6. Consider repairs that will solve the problem long term. A couple years back, I bought a Heritage Sea Dart sit-on-top touring kayak from a seller on Craigslist. What he didn't tell me, and I couldn't assess when I bought it, was that the internal bulkheads were leaking. This condition trapped water inside the hollow middle section of the boat. I could have re-sealed the bulkheads, which were hard to reach. I could have drilled a few holes in them to let the water freely drain to the front or back compartments. What I chose to do, instead, was to install a drain plug in the top deck over the middle compartment. I located it at the highest point I could, which would be the lowest point when the boat was turned upside down. This way, I could drain any water that leaked through the bulkheads at any time, and I wouldn't have to re-seal them again, inevitably, in the future. The drain plug was cheap, and I just needed some sealant and a big enough drill bit to install it. As for any flotation lost by leaking bulkheads, I just bought dry bags with an air fill tube attached. Now, they would do double duty to store gear and be blown up to act as float bags fore and aft. Problem solved. 

7. When buying your boat, pick a material you're comfortable working with. I buy plastic boats - period. I know, they're heavier. I know, they don't perform like fiberglass or Kevlar. But, guess what - I don't care if I scratch them (and I do occasionally bump rocks), they're cheaper to buy, they're more plentiful used, and they're easy to work on. With the addition of some metal hardware, you could drop my boats out of a helicopter and they would be ready to go.

8. Be creative with repair solutions. My Sea Dart was molded with the weld line half way down the drain hole in the cockpit. I know this because I made the mistake of tightening straps (to hold the boat on my truck roof) too tight - this pulled the weld line apart, causing a small gap. This gap then leaked water into the hull while I was paddling along the rocky coast (why did my boat seem like it was trimming lower in the water? - duh). What to do, what to do. I could try to get the weld line re-sealed (but, it was still separated). I could patch it up with some sealant and maybe a tape of some sort. Then, it hit me - I could install some sort of ring just slightly narrower than the diameter of the drain hole. I went to the hardware store to research my options, starting in the plumbing aisle. There, I found a 6" plastic basin drain section that looked right, and it only cost a couple of bucks. When I tested it on the boat, the diameter was perfect. I cut it down to 4" so the drain plug could still fit at the top of the hole. Then, I roughed it up with sand paper, covered it liberally with sealant, and gently tapped it into place with a hammer. It pushed the weld line back together and fit like a glove - and it sits there today without issue. Creative thinking solved a problem and saved me a lot of money.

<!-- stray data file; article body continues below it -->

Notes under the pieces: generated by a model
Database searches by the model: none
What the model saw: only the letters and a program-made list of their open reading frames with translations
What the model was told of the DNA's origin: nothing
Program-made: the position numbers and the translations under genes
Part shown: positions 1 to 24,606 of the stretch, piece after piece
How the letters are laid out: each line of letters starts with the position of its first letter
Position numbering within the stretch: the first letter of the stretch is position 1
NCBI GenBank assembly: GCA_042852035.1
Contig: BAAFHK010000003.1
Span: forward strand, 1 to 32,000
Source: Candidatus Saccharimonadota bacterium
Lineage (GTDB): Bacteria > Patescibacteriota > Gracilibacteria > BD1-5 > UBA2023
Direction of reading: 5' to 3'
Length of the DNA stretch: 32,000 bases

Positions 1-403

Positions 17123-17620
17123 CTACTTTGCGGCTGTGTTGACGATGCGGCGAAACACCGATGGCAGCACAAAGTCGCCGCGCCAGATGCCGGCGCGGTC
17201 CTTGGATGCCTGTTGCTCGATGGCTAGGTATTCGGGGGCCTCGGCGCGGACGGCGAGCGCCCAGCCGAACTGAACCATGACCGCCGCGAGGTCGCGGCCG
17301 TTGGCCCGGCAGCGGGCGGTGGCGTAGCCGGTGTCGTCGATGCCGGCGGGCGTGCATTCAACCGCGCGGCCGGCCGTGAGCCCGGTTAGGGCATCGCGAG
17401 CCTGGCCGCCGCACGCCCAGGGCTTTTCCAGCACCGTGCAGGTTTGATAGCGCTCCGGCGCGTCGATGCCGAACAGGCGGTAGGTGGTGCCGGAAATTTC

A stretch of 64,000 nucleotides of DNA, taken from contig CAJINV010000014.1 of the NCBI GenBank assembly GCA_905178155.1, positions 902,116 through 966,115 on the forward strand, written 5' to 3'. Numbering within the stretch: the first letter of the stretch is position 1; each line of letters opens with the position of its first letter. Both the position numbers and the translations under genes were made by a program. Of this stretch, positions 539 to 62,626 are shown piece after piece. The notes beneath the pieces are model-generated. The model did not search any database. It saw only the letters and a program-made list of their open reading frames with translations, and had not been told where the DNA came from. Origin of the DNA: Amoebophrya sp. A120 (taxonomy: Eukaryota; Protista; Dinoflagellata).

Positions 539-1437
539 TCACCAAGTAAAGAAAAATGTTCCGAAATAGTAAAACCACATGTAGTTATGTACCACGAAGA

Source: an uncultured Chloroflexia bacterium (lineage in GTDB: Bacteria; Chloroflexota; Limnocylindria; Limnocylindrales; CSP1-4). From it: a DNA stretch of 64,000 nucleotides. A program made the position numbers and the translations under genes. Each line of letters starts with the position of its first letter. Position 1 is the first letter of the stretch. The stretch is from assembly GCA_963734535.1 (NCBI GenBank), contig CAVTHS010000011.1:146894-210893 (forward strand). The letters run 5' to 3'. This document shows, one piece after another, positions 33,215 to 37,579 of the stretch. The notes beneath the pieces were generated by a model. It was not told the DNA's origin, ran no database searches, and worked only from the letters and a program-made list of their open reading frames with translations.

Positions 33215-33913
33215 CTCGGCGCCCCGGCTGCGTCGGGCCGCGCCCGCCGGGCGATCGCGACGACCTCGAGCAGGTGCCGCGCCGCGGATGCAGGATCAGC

9. Listen to professional advice, but be skeptical. Well intentioned folks might offer a solution to your problem that is more than you want to pay for, or seems like you'll just have to repeat at some point in the future. If you're like me, and you'd rather spend your time in/on the water than waiting for a repair to be completed, then use my suggestions above to avoid issues, and to fix them when they occur. There are thousands of solutions I haven't thought of, and you might just be the one to come up with the next one. But in the end, if you have to get a pro. to do a repair, ask if you can watch. If there's a next time, you might be able to do it yourself.

10. Have fun with your repairs. The challenge of coming up with a low cost, functional solution can be a fun puzzle to crack. The satisfaction of creating an elegant solution can make your next paddling adventure a greater pleasure - because you know your boat much better than before. Plus, now you legitimately have a custom boat. After all, how many Sea Darts have a basin drain pipe fitted into the cockpit drain hole? - mine does.  

- TB on the Water 

Follow up:

Per request of Tom at Top Kayaker, here are some pics of the fins on my Walden Milo Waveski. They are set up in a sort of thruster/tri-fin arrangement, and aren't in fin boxes, so they can't be moved, unfortunately. For the most part, though, they keep the back end from sliding out - them and some paddle technique.

Thanks for the question, Tom!          




Tom Holtey said...

What about the fins on the bottom? Do you have a photo of the fins?

TB on the Water said...

Hi Tom,

Nice to hear from you. I've found great info. on your site from time to time.

- TB on the Water